The Rest of the Story: Louis Zamperini's 'Path to Redemption' Told in Sequel to 'Unbroken'
- To get in a train for London,you have to do it right.
Just go nice and easy,see if you can make it
all the way around.
- You think you can runa four seven mile again?
- I wouldn't be doing this if I didn't.
I don't run to run, I run to win.
- [Narrator] LouisZamperini's real life story--
- Cut, perfect, moving on, next job, guys.
- [Narrator] Is made for the movies.
He was an Olympic distance runner,
a World War Two veteran, anda surviving prisoner of war.
- You will never escape me.
Wherever you go, I will find you.
- Are you sleeping well?
You having any night sweats or nightmares?
- I just thought I'd beable to forget everything.
I wanna go home.
- There is no home.
- [Narrator] His storyreturns to the big screen,
in Unbroken: Path to Redemption,a long awaited follow-up
to Angelina Jolie's 2014epic war drama, Unbroken.
- Yes, nighttime sky, right?
- [Narrator] HaroldCrump directs this film,
alongside producer, MatthewBaer, who worked with Jolie
on the first film.
- The first film was a horrific,
tragic story of, you know,his fight for his life.
And the second film is,you know, his struggle
to save his soul.
- There's nobody moreinspirational than Louis Zamperini,
especially as portrayedin the film, with all the
terrible things that he goes through.
- When I was a kid, I lived near Torrence.
- Are you kidding me?
- You still have those scars from where
those runners spiked you?
- You know they got me pretty good.
- And that?
- The Jap did that one.
- [Narrator] This chapterintroduces audiences
to Louis' Cynthia.
- Hey, would you like to--- Yes.
- What took you so long to ask?
- The war is over, but arewe seeing a war played out
on screen in this family's life?
- Oh, yes we are.- Yeah, absolutely.
- Yes, yes, yes.- I mean,
he physically left prison,but he's very much in prison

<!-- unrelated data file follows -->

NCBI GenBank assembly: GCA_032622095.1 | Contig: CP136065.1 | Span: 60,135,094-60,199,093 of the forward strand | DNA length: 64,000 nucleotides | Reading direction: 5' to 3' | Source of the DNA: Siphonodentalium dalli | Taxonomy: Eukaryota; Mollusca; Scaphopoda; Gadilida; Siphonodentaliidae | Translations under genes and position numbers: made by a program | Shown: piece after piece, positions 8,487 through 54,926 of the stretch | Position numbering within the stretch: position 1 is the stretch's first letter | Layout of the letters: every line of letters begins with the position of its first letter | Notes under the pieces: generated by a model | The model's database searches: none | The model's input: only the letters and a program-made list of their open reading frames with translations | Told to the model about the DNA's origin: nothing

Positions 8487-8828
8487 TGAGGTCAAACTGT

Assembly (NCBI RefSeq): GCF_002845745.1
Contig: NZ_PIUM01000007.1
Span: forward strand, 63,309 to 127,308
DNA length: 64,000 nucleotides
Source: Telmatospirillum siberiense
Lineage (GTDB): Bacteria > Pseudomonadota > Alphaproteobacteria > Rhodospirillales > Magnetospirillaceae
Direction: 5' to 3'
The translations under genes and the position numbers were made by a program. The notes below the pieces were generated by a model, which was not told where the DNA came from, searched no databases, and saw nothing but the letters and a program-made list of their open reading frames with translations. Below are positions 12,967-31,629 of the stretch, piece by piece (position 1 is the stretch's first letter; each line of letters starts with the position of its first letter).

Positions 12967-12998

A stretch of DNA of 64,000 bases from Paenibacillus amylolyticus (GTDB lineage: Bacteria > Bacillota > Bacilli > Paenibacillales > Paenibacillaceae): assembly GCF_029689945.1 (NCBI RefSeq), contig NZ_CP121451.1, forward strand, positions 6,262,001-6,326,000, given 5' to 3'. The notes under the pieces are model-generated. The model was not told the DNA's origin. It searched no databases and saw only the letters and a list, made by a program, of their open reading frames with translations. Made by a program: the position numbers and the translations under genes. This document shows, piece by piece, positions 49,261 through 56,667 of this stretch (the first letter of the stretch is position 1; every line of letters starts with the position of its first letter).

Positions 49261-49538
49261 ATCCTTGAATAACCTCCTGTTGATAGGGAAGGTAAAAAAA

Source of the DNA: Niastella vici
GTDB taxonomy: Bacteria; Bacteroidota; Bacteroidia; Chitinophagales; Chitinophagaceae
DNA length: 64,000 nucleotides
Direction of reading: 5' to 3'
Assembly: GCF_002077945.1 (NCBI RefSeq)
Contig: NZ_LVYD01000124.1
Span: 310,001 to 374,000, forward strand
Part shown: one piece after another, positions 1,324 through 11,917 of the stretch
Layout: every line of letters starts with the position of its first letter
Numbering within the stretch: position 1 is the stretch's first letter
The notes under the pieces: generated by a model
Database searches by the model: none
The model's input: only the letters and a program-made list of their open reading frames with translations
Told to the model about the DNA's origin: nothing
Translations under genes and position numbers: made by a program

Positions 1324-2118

in his head, and--- Yeah.
- It causes a lot of strugglebetween the two of them.
- Yeah, yeah.
What's nice about this too isthat, oftentimes you'll see
war movies, and then they try and--
It's very important to showthe human element of war films
so that people can relateto the experience that,
let's be honest, mostof us will never have,
or have never had.
What's nice about this movie, is that it's
a human experience that we've all had
in some form or some capacity.
- He said that we were at war, you know,
but it didn't feel like war.
Not to me.
It wasn't until I wasstationed in San Diego.
One day, this hospitalship comes steamin' in
carrying all these guys,missin' legs and arms.
They were all torn up,
blind, burnt, and that's whenthe war became real to me.
- Luke, how would youdescribe this chapter
of your dad's life inseeing it on the screen?
- This is the climax to thestory of my father's life.
All that he went throughbefore with the, you know,
the athletics and theOlympics and the life raft,
and the prison camp.
The climax is when, afterhim spiraling out of control
with post traumatic stressdisorder, that he's able
to come to faith on thatevening in October 1949,
and change his life.
It is the climactic partof his entire story.
- With vintage cars, likethis pretty red Ford,
the stage is set for the 1940's.
A young Lou Zamperiniand his wife, Cynthia,
are coming here to the tentsyou see in the distance
to hear from a youngevangelist, who has not quite
made a name for himselfon the national scene.
- I do not believe thatany man, that any man,
can solve the problems of life--
- [Narrator] EvangelistBilly Graham, who's grandson,
Will, portrays him in the film.
- I believe that God isstill healing hearts.
I believe that God isstill transforming lives.
- I feel like if you closeyour eyes and don't look,
you really think you'relistening to Billy Graham.
- That's the way it waswhen we first met with him.
That was what Haroldand I spoke about was--
- We watched--- It's just like him.
We watched a screen testand Matt couldn't believe
he sounds exactly like his dad.
- Yeah, it was just fantastic.- Or grandpa.
- But there's a lifeline.
Just reach out.
- I knew the story from Unbroken.
I knew the story frommy Granddaddy's tales.
So I know the story pretty well.
And I've seen the movieand every time I see it,
and I've seen it aboutthree or four times now,
every time I see it, I'm crying.
- [Narrator] That camp meeting also
began a lasting relationship.
- They had a great friendship,lasted a whole lifetime.
Two lifetimes really.
We're grateful how God broughtthese two men together.
- [Narrator] Efrem Graham,CBN News, Los Angeles.